In contrast, control group participants showed declines in cortisol functioning over time and increases in burnout. Changes in mindfulness were correlated in the expected direction with changes across several outcomes (psychological symptoms, burnout, and sustained attention) in the intervention group.

Jennings, P. A., Frank, J. L., Snowberg, K. E., Coccia, M. A., & Greenberg, M. T. (2013). Improving classroom learning environments by cultivating awareness and resilience in education (CARE): Results of a randomized controlled trial. School Psychology Quarterly. Advance online publication. doi: 10.1037/spq0000035

Cultivating Awareness and Resilience in Education (CARE for Teachers) is a mindfulness-based professional development program designed to reduce stress and improve teachers’ performance and classroom learning environments. A randomized controlled trial examined program efficacy and acceptability among a sample of 50 teachers randomly assigned to CARE or waitlist control condition.

Participation in the CARE program resulted in significant improvements in teacher well- being, efficacy, burnout/time-related stress, and mindfulness compared with controls. Evaluation data showed that teachers viewed CARE as a feasible, acceptable, and effective method for reducing stress and improving performance.

Jennings, P. A., Snowberg, K. E., Coccia, M. A., & Greenberg, M. T. (2011). Improving classroom learning environments by Cultivating Awareness and Resilience in Education (CARE): Results of two pilot studies. Journal of Classroom Interactions, 46, 27-48

Two pilot studies examined program feasibility and attractiveness and preliminary evidence of efficacy of the CARE professional development program. Study 1 involved educators from a high-poverty urban setting (n = 31). Study 2 involved student teachers and 10 of their mentors working in a suburban/semi-rural setting (n = 43) (treatment and control groups).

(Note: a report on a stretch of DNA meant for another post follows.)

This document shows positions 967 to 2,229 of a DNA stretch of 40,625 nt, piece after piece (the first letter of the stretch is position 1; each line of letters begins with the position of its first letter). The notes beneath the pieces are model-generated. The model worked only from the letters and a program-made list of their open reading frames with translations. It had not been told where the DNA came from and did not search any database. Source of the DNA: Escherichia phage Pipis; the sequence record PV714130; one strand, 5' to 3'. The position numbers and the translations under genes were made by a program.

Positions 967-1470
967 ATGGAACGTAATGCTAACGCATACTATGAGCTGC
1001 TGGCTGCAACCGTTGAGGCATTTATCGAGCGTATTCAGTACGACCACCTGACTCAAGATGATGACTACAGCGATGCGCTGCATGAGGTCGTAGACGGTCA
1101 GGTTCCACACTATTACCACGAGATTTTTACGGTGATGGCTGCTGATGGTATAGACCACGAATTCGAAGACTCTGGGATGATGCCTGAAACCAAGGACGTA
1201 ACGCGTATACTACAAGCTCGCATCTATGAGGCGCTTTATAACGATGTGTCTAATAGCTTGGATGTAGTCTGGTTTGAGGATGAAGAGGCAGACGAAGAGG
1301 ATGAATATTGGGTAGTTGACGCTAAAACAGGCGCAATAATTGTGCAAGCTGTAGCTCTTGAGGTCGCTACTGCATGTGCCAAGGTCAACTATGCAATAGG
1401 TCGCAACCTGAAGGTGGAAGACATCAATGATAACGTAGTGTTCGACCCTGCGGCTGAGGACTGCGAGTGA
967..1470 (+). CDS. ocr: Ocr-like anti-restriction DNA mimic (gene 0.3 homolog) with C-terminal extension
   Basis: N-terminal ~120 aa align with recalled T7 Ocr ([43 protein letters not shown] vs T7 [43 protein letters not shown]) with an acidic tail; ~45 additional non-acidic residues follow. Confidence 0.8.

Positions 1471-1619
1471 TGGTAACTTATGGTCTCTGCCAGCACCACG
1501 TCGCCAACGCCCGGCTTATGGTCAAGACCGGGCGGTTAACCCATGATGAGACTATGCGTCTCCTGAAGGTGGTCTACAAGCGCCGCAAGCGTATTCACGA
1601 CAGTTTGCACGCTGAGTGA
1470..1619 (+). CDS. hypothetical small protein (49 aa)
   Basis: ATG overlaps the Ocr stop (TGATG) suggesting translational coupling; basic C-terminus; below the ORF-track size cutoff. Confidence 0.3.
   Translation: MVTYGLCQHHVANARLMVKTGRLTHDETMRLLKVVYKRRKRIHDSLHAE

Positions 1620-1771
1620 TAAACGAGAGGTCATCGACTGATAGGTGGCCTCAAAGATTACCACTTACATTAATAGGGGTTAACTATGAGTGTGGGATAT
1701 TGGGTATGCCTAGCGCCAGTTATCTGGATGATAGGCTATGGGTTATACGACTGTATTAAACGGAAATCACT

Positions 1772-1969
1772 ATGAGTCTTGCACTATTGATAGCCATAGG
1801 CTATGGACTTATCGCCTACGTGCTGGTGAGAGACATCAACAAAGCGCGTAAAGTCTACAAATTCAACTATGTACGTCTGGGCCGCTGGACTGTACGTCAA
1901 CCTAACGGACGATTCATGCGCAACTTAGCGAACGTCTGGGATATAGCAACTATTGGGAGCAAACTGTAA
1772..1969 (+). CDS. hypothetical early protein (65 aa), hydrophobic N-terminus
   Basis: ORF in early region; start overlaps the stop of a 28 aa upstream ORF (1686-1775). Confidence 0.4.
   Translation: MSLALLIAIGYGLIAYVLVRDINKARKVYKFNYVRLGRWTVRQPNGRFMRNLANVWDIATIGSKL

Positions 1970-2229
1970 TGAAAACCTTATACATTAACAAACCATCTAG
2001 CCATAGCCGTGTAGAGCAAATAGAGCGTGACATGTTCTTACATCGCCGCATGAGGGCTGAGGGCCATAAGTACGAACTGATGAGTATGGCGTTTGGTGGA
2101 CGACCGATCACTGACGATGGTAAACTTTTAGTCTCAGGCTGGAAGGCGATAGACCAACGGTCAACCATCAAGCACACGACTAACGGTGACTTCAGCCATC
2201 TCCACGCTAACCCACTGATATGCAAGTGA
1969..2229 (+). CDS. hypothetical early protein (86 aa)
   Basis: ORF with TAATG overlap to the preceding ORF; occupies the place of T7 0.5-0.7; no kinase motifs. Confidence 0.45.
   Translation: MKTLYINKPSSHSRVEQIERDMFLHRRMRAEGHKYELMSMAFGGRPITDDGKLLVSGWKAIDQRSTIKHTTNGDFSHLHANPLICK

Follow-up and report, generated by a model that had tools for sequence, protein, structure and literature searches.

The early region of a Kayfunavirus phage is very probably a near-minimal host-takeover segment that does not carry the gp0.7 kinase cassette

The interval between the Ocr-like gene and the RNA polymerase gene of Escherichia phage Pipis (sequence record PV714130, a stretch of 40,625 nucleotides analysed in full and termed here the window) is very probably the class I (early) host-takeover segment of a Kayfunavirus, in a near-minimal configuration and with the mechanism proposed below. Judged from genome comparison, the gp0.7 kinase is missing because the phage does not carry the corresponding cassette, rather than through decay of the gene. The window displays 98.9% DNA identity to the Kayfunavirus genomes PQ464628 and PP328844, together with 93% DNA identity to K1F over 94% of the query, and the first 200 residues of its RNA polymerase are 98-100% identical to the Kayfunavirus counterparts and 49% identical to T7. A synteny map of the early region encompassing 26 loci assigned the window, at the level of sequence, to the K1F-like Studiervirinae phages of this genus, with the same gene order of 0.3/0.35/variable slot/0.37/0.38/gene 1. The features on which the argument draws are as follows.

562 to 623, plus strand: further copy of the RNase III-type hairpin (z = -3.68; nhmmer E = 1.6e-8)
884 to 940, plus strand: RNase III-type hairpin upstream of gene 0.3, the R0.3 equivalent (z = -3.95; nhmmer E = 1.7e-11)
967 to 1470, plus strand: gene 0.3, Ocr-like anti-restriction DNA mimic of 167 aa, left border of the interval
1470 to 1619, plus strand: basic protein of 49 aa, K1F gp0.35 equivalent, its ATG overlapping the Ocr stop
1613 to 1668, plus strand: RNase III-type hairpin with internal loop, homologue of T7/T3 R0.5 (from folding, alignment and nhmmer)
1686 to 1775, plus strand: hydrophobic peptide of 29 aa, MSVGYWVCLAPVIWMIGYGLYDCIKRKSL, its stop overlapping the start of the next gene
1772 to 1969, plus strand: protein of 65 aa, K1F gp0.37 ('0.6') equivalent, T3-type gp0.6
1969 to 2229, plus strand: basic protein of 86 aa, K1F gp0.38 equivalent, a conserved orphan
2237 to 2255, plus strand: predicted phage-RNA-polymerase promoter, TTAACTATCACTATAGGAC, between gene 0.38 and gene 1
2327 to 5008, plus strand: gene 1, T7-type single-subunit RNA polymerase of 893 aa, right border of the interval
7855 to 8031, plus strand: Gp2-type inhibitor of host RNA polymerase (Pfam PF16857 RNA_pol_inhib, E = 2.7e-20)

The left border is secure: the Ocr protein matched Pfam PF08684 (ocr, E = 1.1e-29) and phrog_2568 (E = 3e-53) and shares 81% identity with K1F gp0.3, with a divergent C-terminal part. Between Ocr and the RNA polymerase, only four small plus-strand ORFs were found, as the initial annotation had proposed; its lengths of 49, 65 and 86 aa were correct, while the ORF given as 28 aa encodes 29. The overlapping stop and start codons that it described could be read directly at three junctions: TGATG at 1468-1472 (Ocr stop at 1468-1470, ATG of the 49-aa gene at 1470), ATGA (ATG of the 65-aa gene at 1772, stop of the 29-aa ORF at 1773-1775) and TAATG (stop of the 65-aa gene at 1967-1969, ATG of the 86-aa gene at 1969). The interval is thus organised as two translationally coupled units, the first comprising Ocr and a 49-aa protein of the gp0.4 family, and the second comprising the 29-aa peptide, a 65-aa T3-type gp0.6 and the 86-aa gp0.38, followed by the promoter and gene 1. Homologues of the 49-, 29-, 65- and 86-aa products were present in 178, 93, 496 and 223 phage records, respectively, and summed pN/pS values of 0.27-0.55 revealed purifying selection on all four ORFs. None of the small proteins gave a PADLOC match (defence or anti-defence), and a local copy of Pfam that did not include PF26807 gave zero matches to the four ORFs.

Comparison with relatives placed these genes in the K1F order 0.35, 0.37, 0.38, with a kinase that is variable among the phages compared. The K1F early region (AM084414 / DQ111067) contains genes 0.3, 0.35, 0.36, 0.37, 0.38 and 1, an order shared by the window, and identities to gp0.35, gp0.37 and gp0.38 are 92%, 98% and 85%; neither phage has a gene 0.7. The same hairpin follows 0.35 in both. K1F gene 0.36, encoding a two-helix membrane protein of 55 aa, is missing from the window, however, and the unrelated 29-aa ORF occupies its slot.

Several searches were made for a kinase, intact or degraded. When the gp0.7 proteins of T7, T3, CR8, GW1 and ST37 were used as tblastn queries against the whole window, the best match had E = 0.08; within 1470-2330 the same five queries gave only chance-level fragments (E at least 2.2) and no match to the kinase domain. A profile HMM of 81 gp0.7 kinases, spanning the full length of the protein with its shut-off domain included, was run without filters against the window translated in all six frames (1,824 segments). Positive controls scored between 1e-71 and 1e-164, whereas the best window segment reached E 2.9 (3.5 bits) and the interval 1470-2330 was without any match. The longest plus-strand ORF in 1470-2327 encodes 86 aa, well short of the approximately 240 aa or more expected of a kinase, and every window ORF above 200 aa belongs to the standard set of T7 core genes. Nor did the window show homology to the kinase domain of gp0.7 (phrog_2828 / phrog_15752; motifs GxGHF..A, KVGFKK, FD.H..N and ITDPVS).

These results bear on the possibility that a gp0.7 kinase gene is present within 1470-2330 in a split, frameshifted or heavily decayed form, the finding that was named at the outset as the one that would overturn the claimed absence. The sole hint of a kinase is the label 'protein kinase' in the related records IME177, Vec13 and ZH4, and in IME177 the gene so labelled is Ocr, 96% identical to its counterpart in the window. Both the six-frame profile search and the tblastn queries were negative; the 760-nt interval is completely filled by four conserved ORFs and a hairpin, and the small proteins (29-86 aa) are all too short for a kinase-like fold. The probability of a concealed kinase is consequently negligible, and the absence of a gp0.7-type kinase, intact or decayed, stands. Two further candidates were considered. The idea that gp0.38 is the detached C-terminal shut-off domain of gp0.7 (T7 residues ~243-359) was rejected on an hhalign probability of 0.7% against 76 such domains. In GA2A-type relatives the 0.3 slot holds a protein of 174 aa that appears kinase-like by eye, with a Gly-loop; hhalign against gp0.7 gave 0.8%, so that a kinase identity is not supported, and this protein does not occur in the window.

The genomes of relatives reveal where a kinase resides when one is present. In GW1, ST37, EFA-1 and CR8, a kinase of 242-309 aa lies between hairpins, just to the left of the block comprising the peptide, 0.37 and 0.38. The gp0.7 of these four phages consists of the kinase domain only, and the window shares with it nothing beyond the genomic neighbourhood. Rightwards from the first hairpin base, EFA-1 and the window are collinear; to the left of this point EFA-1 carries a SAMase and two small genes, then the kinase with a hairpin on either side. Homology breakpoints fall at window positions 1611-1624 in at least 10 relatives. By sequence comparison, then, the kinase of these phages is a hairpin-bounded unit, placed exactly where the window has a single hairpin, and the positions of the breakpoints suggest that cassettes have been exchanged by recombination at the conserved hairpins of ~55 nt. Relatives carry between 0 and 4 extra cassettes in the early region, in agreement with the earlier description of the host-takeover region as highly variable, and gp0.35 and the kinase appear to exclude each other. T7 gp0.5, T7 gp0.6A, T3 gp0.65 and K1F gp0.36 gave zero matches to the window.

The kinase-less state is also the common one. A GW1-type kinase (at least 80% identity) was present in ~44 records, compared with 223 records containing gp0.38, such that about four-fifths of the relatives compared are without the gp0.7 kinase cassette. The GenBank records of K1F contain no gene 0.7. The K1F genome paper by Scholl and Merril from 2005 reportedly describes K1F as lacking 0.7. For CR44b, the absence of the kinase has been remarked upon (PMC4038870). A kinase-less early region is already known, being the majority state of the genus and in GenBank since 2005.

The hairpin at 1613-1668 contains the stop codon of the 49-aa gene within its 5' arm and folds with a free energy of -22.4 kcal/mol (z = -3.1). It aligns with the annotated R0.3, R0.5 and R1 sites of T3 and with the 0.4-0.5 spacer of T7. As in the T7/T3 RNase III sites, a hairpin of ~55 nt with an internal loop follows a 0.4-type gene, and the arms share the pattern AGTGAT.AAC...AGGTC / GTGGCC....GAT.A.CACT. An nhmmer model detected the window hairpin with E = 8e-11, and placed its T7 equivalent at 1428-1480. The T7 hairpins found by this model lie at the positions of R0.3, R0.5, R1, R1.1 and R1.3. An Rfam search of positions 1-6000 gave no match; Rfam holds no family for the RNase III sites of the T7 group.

While urban educators showed significant pre-post improvements in mindfulness and time urgency, the other sample did not, suggesting that CARE may be more efficacious in supporting teachers working in high-risk settings.

Roeser, R. W., Schonert-Reichl, K. A., Jha, A., Cullen, M., Wallace, L., Wilensky, R., Oberle, E., Thomson, K., Taylor, C., & Harrison, J. (2013, April 29). Mindfulness Training and Reductions in Teacher Stress and Burnout: Results From Two Randomized, Waitlist-Control Field Trials. Journal of Educational Psychology. Advance online publication. doi: 10.1037/a0032093

The effects of randomization to mindfulness training (MT) or to a waitlist-control condition on psychological and physiological indicators of teachers’ occupational stress and burnout were examined in 2 field trials. The sample included 113 elementary and secondary school teachers (89% female) from Canada and the United States.

Teachers randomized to MT showed greater mindfulness, focused attention and working memory capacity, and occupational self-compassion, as well as lower levels of occupational stress and burnout at post-program and follow-up, than did those in the control condition. Group differences in mindfulness and self- compassion at post-program mediated reductions in stress and burnout as well as symptoms of anxiety and depression at follow-up.